First consumer digital camera?

Discussion in 'Digital Photography' started by ThermosBoy (TM), Dec 21, 2003.

  1. Just wondering about digital camera history.

    Recently, I thought back to the first one I heard about, the Canon Ion
    digital camera - many years ago. I wanted one bad. It was so exciting
    to be able to take pictures without film, I thought.

    It still is :)

    That was the earliest one I heard about being available to purchase. I
    had the pamphlet on it and all to drool over back then :)

    I have since Googled it and seeing it again makes me smile. It's model
    number was RC-250 and it stored 50 pics on Video Floppies (VF-50) that
    you could view on TV, apparently.

    Was the Canon Ion the first non-film camera available to buy on the
    consumer market? If not, which was?
    ThermosBoy (TM), Dec 21, 2003
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  2. ThermosBoy (TM)

    JohnO Guest

    If you're interested, a rather good site to find out the history of digital
    cameras (I'm guessing video and still as I've only glanced through it and
    that was some time ago) is ...

    Also found the following at ...

    "The first digital cameras for the consumer-level market that worked with a
    home computer via a serial cable were the Apple QuickTake 100 camera
    (February 17 , 1994), the Kodak DC40 camera (March 28, 1995), the Casio
    QV-11 (with LCD monitor, late 1995), and Sony's Cyber-Shot Digital Still
    Camera (1996)."
    JohnO, Dec 21, 2003
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  3. I believe it would have been the Sony Mavica - the original one with a
    floppy drive... It's been a long road, but quickly travelled.

    Andy Blanchard, Dec 22, 2003
  4. I suspect the Apple Quicktake 100 was the first real consumer digital
    camera. It had a fixed focus fixed focal length lens, and enough
    built-in flash memory to take 8 (yes, 8) photos in high-res mode
    (640x480) or 32 in low-res mode (320x240). No additional memory could
    be added (the Quicktake 150 had more memory when it appeared).

    Data was transferred to the host via serial port. That wasn't so bad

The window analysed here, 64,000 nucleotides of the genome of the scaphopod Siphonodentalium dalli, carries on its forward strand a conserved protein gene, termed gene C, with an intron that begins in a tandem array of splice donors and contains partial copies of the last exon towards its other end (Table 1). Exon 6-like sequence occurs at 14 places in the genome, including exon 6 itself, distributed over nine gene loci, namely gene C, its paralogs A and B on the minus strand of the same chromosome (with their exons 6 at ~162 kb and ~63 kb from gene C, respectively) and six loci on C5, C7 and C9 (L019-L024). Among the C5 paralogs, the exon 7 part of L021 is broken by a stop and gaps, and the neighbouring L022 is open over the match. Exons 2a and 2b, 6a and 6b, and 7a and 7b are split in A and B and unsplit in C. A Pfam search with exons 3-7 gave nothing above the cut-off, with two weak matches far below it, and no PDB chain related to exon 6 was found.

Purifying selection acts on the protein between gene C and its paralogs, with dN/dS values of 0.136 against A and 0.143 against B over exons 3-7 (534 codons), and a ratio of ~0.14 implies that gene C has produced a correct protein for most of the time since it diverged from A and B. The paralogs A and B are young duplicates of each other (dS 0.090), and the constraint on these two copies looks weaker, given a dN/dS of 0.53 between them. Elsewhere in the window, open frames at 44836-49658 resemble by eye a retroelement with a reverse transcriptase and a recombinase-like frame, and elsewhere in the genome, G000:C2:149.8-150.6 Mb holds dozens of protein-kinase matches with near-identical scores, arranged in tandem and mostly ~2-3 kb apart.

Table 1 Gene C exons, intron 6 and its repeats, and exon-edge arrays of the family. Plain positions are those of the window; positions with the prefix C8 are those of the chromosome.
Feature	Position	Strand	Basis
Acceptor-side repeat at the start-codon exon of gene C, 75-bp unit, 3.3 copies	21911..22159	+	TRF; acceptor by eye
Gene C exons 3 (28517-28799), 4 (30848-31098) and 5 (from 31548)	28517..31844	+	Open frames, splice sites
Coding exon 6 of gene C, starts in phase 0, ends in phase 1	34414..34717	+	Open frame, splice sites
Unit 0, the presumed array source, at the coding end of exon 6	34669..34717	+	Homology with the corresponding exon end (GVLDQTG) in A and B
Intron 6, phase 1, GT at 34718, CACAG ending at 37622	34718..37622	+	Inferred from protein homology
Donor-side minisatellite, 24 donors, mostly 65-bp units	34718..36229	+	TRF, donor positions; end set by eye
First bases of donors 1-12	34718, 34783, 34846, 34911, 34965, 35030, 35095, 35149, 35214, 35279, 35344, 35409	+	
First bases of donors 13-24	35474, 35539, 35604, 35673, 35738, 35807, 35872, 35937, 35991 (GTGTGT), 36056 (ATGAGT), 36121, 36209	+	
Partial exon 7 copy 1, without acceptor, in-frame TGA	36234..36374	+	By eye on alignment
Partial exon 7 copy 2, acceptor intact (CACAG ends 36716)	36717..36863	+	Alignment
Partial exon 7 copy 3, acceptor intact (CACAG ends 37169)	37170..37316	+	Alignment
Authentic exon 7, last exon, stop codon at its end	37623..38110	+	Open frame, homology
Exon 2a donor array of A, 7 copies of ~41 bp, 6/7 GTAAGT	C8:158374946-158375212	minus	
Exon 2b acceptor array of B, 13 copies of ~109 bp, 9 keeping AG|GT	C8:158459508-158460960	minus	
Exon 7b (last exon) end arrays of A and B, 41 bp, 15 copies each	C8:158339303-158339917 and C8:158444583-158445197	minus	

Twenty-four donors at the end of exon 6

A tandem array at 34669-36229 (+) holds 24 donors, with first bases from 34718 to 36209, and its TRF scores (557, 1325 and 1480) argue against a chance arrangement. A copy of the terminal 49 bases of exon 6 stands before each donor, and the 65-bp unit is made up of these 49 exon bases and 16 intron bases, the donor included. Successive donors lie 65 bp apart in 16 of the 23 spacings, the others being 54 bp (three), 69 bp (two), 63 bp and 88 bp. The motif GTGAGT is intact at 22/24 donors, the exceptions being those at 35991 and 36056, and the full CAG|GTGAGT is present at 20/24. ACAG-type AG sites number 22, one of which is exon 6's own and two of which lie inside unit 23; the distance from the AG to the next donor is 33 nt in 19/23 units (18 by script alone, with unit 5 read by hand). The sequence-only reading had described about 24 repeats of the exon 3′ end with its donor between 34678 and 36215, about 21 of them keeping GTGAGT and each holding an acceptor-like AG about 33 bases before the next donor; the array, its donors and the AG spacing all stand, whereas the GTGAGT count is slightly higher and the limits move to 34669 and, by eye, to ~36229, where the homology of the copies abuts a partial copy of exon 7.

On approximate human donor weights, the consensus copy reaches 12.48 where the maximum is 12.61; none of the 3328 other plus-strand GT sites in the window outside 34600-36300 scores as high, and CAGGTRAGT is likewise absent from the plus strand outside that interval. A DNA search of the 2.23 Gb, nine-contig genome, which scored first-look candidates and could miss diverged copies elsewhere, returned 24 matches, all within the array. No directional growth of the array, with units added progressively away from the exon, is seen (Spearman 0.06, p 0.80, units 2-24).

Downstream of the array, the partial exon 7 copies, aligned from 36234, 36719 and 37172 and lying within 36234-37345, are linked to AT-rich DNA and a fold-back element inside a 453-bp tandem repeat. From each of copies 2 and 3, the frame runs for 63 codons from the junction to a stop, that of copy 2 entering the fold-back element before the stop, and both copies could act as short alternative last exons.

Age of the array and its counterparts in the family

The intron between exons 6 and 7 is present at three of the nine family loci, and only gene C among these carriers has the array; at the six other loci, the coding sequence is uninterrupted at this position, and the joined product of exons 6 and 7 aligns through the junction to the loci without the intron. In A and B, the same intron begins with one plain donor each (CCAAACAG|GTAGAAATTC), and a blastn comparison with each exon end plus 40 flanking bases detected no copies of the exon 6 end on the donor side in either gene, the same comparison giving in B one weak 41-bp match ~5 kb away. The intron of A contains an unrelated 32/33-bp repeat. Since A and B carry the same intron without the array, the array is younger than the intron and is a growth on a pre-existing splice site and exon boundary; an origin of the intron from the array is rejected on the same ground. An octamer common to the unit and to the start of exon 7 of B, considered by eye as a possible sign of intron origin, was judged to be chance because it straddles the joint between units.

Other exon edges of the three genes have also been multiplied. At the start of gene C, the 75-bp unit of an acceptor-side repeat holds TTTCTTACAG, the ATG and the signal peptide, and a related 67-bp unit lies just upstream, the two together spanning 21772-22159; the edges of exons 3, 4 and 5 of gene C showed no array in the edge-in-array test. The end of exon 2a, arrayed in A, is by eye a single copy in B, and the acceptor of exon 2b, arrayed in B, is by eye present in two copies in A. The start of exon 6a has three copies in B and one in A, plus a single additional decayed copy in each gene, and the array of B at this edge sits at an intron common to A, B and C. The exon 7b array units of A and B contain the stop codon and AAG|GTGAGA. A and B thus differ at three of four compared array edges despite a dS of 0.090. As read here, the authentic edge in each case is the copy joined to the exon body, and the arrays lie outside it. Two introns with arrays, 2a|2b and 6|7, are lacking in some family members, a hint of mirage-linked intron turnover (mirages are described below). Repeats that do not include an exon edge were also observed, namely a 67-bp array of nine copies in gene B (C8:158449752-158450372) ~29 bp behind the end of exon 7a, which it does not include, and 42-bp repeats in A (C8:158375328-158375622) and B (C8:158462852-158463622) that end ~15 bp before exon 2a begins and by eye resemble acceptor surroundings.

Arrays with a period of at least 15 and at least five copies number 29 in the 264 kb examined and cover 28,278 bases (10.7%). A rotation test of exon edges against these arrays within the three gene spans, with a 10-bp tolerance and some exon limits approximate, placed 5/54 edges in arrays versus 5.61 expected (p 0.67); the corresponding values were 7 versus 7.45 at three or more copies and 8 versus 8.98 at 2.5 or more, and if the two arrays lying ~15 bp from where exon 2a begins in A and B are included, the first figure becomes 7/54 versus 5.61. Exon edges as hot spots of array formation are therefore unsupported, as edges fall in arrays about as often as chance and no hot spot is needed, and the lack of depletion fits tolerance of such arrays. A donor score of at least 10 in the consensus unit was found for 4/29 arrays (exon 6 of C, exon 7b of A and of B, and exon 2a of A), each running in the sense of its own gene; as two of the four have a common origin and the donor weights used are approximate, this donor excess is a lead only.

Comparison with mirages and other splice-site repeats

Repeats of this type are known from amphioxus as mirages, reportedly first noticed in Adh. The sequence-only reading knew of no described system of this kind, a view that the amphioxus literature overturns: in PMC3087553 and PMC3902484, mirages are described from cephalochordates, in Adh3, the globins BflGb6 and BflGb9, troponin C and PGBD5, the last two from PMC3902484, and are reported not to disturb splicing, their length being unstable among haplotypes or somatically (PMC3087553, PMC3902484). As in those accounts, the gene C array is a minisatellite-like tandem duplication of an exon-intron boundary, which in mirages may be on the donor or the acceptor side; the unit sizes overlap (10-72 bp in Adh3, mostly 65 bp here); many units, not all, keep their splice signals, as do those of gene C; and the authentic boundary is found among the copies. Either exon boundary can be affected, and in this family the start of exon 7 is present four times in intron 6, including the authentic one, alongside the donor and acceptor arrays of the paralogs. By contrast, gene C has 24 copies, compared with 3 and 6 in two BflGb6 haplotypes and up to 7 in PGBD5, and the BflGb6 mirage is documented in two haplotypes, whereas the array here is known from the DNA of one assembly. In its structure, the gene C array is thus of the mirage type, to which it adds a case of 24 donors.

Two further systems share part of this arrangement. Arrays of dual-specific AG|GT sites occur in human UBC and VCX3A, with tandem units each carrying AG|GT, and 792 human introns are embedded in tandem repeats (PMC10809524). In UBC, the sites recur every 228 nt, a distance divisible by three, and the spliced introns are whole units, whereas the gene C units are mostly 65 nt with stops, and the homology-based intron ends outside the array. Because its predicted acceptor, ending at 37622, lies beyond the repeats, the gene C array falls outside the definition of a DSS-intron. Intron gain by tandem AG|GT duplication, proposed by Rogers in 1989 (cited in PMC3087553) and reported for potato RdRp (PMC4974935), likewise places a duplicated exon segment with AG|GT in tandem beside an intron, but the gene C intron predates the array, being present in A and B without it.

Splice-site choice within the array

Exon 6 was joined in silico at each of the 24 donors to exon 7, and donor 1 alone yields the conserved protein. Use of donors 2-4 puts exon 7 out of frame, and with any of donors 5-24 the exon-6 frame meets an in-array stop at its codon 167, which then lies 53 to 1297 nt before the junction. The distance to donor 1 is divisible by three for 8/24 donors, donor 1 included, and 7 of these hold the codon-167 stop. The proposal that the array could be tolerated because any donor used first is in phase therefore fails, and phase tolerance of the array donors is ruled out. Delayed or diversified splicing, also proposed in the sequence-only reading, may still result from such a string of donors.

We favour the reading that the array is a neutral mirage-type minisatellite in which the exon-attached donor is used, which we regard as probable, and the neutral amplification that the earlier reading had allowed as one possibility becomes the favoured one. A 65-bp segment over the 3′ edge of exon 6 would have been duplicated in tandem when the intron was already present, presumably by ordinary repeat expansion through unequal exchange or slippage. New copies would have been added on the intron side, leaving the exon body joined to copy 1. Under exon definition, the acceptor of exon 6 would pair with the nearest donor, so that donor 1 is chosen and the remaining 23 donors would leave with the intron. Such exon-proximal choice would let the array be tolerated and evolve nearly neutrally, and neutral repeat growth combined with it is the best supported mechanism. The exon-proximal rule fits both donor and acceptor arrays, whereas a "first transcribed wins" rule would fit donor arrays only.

on a Mac, where the serial ports are also designed for networking and
    will run at speeds somewhere above 1 Mbit/sec. But on Windows, the data
    had to be transferred through the PC's much slower serial port, and it
    took many minutes to load those 8 images.

    I've still got a QT100 somewhere, though I haven't tried using it since
    I got a decent digital camera. From your description of the technology,
    the Ion must have been later. 50 images in one session? Amazing!

    Dave Martindale, Dec 22, 2003
  5. My first was the Agfa ePhoto 307, introduced september 1996 @ $549 !!!
    8MB memory, 640x480 resolution. Fixed focus. No LCD.

    Apple QuickTake 100 has a 1994 copyright in the manual.

    BUT, the Sony MAVICA was introduced in 1981 !!!!
    But it was never sold commercially the article says only 1 unit
    existed :)

    Canon was first in 1984 with its still video system RC-701.
    Price for a package $13500.

    But there is lots of info here:
    Povl H. Pedersen, Dec 22, 2003
  6. ThermosBoy (TM)

    Kenny Guest

    I had a QV10 in 1995. I keep telling people I was an early adopter of
    digital. Bought a DC260 in 1998 which was regarded as one of the best at
    the time. My first 'real' camera was a Canon A-1 that I bought way back
    in 1978.

    Kenny, Dec 22, 2003
  7. haha.
    It was introduced in 1988-1989, apparently. But it was really a video
    still camera with low resolution (200K pixel CCD). Suitable for the
    most demanding photographers :) Behold its glory:

    CANON RC-250 XAPSHOT (Ion in Europe, Q-PIC in Japan) - 1988. The
    XapShot was a Hi-band still video camera with a ½-inch 200K pixel CCD.
    ISO 100. 11mm f/2.8 lens. Shutter 1/30 to 1/500 second. The XapShot
    had a built-in flash, self-timer, and an unusual rechargeable lead
    acid battery. MSRP $499. The $499 was just for the camera itself.
    Also required was a $999 kit which included one floppy disk, the
    battery, and computer interface card with software. The two-inch
    floppy disks sold for $10 each. The USA version of the XapShot could
    send a NTSC signal to a TV/VCR for playback and recording of images.
    There was also a very basic software utility that worked under System
    6/7 for the Mac in conjuction with the Computer Eyes NuBus video
    capture card that the camera connected to. Later, a Plug-in shipped
    that worked with Letraset's ColorStudio and then Adobe Photoshop to
    capture the images.

    Hard to believe how fast things have changed when you look back.
    ThermosBoy (TM), Dec 23, 2003
  8. ThermosBoy (TM), Dec 23, 2003
    Yeh, looking at the photos of the QuickTake here jogs my memory. I
    remember the shape of this cam now.
    Ahh yep, I think the Mavica was actually the first filmless cam I read
    about. It was in tech-related books and things outlining future
    developments and stuff, before I heard about the Canon Ion.
    Makes your Agfa look like a bargain. Crazy early-adopters :)
    ThermosBoy (TM), Dec 23, 2003
  10. ThermosBoy (TM)

    zeitgeist Guest

    technically that's not a digital camera, it was a one frame analog video
    image, you had to convert to a digital file via a targa board or amiga
    toaster. If that camera was like the Magvica I was going to buy till I
    found out those dang 2.5 inch floppies cost $15 each (later down to about
    10) and I'd need about 100.
    zeitgeist, Dec 23, 2003
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